Unit focus: What makes the Henry Mountain mule deer so famous?
The Henry Mountains in south central Utah are synonymous with giant mule deer. Located just north of Lake Powell, the Henry Mountains consist of 2 million acres of public lands with elevations from 5,000’ to 11,522’, offering a variety of habitat types and a broad ecological community. Why are the Henry’s so good? What makes the deer hunting there special? Below we will examine these amazing mountains and the management plan that makes this area iconic for deer hunters.
The Henry’s hold unique allure in comparison with many of the other mountain ranges in the west. Hidden in the vast deserts of southern Utah, the Henry’s were not named until 1871 and many believe that the Henry’s were the last named mountain range in the Lower 48. John Wesley Powell penned the name “the Henry’s” after Secretary of the Smithsonian Institute Joseph Henry. The Henry’s first gained notoriety after reports on its geology were completed in the 1870s. Due to the remoteness of the area, colonization came slow to the Henry’s and, even in present day, the Henry’s remain a relative wilderness isolated from human activity.
The modern history of deer hunting in the Henry’s begins with a closure of deer hunting in the unit in the late 1990s. The closure was a result of dwindling deer numbers. In 2003, major fires swept across the landscape, limiting juniper encroachment and, ultimately, leading to an explosion of lush forage. The deer hunting season was reopened after careful herd monitoring and, ever since, the Henry’s have become one of the premiere mule deer destinations in the world.
By the numbers in Utah
Boone and Crockett (B&C) production: typicals
Boone and Crockett (B&C) production: nontypicals
The Henry’s are managed as one of Utah’s two premium entry deer units. The Paunsaugunt is the other premium unit in the state. As part of the premium unit management, the Henry’s are managed for 40 to 50 bucks per 100 does and an annual buck harvest of 40% to 55% bucks five and a half years of age or older. By comparison, the seven limited entry units in Utah are managed for 25 to 35 bucks per 100 does.
The state management plan for the Henry’s dictates that the unit’s deer herd is to be managed for a “healthy population” to provide “a broad range of recreational opportunities, including hunting and viewing.” Here, we will examine the state management plan regarding the following categories: age structure and herd composition, nutrition and habitat, and genetic variables.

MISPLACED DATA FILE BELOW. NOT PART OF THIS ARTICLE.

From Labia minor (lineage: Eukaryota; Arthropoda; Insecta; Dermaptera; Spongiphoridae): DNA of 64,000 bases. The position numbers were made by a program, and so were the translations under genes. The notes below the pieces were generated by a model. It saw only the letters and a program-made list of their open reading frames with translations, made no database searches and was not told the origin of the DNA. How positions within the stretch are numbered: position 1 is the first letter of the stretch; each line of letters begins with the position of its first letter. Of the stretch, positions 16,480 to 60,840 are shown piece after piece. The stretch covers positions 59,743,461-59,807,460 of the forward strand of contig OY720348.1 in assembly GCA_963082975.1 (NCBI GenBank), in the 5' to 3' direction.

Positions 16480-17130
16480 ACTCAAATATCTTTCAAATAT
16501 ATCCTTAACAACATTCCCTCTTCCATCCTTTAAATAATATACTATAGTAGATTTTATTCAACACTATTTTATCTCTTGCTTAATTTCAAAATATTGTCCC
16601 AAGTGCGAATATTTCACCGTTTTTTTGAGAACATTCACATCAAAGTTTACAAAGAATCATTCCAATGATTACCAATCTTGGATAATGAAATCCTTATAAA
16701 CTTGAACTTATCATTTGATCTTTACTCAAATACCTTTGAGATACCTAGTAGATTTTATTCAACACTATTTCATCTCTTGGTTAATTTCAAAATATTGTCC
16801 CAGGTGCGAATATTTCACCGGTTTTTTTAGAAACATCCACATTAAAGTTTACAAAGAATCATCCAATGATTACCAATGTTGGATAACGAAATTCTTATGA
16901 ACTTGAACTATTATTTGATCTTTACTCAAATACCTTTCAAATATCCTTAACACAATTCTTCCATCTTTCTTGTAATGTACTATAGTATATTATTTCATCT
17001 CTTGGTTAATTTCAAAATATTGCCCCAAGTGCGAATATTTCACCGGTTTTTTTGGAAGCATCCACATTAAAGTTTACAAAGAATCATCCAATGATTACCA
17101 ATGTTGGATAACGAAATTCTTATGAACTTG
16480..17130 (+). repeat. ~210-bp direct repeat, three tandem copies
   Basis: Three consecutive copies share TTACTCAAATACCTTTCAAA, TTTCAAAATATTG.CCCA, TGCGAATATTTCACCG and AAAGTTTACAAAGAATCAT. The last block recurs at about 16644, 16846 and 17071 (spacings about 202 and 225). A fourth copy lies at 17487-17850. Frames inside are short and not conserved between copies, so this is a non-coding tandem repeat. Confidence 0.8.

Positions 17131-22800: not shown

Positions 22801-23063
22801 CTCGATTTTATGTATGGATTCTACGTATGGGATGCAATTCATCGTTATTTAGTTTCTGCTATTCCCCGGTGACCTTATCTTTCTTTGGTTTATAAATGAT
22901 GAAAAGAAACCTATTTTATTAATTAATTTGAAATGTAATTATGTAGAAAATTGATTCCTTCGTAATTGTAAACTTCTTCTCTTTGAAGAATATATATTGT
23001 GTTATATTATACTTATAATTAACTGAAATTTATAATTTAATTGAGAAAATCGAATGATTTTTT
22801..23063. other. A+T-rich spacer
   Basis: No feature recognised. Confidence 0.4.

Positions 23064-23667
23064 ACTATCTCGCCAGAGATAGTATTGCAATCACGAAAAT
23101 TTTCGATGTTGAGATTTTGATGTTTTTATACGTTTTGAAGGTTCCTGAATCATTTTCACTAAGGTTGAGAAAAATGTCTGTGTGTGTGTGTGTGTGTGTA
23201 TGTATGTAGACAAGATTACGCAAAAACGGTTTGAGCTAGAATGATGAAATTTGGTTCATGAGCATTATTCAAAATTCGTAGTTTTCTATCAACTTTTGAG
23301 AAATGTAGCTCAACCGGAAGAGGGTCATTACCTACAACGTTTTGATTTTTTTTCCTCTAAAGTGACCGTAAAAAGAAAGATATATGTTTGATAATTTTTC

Age and herd composition
Age is the most significant factor contributing to great deer hunting in the Henry’s. Bucks typically do not reach their maximum antler potential until 5.5 or 6.5 years of age or older. A whopping 72% of the bucks harvested in the Henry’s in the past three years have been five years of age or older.
Adult sex ratios are another statistic the state management plan take note of each year. The state's premium unit management plan dictates the Henry’s be managed for 40 to 50 bucks per 100 does. The three-year average is 52 bucks per 100 does in the Henry’s.
Fawn recruitment is also critical when considering management practices. Recruitment indicates the number of fawns per 100 does that will make it reproductive maturity. This dictates the number of new individuals entering a population and at what rate the population will grow. Recruitment rates are also a great indicator of fawning habitat quality and predation. The average recruitment over the same period is 72 fawns per 100 does.
Harvest and population trends for the Henry Mountains
|% of bucks|
>5 years of age
|3 year avg.|
Population trends for the Henry Mountains
The target size for the winter herd in the Henry’s is 2,700 animals. The latest wintering herd estimate on the Henry’s found 2,200.
Nutrition and habitat
Nutrition is, of course, all about habitat. In arid regions such as the Henry’s, moisture plays a major role in habitat conditions as well as nutritional availability each year. The fires of 2003 drastically changed the landscape on the Henry’s, ultimately leading us to the current deer hunting heyday climate we are in now.
To date, the state has taken on the habitat projects listed below in an effort to improve mule deer habitat across the unit. In general, these practices attempt to move plant communities back to early successional stages in which grasses, forbs, and shrubs thrive.
Treatments and restoration work
|Anchor Chain||Reduce pinyon-juniper|
|Harrow||Reduce ground cover and|
open areas for grasses and forbs
|Reintroduction of native|
species to understory
|Reduce pinyon-juniper or other|
non-desirable species encroachment
The state management plan for the Henry’s divides the habitat types in the unit into three categories: summer range, winter range, and yearlong habitat types. Summer range is largely dictated by elevation while the other two categories are qualified by plant communities.